Dew, chemistry, flux, atomspheric chemistry, Northwest Arkansas
From July, 1989 to July 1990 a total of 98 dews and 9 frosts were collected at the University of Arkansas Agricultural Experiment Station, Fayetteville. The total water flux from dews and frosts per year is less than 2% of that from rains. Acid and nutrient fluxes are also much lower in dew. In the following series of ions the number in parenthesis gives the % of the yearly flux of the ion in dew compared to rain for an average year: H+ (0.08), Ca2+ (23), Mg2+(9), K+(20), Na+(5), NH+(12), Cl-(7), S02/4-(5) and N0-/3 (6). A typical dew has a pH of 6.25 compared to 4.9 for the average rain, and is thus much less acidic. Acetate and formate ions in the April-June period were, in equivalents, higher in dew than in the rain and equal to about one half of the nitrate-sulfate total. The steps governing dew composition are indicated to be (1) nucleation on dry-deposition solids identified as illite, kaolinite, quartz, feldspar, calcite, and dolomite (2) dissolving the soluble portion of the dry deposition by dew water and (3) dissolving of gaseous NH3, acetic, and formic acids into the dew solution.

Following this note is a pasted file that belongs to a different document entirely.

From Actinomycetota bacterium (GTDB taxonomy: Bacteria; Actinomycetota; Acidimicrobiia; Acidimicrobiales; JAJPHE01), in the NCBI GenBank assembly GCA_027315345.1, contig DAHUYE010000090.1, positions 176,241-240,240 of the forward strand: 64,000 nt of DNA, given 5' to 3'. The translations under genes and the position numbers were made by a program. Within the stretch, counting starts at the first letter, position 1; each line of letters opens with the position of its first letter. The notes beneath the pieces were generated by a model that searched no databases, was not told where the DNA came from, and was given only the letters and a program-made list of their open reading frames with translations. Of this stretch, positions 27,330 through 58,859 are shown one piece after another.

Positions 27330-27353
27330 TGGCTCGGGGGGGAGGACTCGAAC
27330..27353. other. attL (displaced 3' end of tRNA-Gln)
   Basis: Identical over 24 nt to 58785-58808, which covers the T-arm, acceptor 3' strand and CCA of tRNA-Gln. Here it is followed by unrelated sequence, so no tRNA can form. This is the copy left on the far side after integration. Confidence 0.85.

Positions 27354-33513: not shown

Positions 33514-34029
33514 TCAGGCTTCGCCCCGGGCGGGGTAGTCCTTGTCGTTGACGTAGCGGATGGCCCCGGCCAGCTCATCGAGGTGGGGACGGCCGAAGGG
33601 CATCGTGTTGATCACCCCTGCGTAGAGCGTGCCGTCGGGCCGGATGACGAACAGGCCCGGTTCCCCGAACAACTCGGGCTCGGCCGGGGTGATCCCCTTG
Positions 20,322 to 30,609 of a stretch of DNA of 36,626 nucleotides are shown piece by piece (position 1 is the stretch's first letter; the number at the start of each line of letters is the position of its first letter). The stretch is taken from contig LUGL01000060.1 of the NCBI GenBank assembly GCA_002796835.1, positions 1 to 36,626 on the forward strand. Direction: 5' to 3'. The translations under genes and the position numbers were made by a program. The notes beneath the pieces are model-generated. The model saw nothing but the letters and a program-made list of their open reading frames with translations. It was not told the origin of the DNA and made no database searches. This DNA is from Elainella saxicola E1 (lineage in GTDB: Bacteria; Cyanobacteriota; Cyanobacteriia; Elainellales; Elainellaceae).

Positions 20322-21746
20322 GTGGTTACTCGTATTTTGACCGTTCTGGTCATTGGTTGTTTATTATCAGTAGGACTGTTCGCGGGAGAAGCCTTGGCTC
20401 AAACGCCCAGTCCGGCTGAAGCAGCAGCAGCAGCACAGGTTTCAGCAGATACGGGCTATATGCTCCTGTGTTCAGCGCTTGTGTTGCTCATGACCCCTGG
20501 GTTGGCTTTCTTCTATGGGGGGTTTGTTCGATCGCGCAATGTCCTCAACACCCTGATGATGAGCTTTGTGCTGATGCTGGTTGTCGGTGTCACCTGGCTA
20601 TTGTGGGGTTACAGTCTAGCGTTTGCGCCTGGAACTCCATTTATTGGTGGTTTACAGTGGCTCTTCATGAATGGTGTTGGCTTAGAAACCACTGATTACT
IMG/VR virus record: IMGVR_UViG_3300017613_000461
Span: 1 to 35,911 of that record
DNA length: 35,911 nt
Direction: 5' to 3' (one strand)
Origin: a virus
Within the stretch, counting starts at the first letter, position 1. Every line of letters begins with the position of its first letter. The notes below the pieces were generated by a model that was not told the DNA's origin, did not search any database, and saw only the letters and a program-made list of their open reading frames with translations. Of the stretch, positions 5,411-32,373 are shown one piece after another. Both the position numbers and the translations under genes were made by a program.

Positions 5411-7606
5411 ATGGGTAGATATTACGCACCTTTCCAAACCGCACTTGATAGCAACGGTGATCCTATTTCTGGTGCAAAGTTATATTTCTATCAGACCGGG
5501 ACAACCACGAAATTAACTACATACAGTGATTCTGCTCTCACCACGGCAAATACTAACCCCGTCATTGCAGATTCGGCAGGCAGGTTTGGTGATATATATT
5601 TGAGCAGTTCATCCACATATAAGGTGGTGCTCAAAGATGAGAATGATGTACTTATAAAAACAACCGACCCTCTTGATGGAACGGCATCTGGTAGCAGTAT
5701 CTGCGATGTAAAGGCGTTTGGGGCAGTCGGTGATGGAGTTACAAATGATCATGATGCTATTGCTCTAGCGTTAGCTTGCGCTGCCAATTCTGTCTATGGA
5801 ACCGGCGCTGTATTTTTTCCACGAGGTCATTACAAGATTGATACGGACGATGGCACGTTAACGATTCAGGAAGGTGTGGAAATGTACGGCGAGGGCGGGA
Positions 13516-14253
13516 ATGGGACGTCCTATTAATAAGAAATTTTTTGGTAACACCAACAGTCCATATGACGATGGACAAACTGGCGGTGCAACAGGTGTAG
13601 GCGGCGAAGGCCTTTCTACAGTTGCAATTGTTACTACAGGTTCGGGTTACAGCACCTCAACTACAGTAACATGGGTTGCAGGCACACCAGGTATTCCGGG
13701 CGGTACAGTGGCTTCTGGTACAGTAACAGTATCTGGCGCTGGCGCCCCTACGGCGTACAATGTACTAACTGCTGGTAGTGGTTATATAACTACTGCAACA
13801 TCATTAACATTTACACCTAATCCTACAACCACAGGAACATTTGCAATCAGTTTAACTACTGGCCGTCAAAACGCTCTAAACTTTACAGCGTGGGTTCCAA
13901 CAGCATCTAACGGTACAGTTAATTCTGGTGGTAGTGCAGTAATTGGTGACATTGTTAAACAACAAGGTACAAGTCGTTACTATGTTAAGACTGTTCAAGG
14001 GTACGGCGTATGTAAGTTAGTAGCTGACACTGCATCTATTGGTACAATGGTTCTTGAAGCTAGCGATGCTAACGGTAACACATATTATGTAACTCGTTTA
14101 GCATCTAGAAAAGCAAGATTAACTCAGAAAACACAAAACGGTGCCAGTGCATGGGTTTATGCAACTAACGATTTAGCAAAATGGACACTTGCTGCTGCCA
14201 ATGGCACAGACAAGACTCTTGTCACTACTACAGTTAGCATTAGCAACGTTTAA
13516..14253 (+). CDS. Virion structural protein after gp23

Wagner, G. H.. 1990. Dew Chemistry. Arkansas Water Resources Center, Fayetteville, AR. PUB149. 29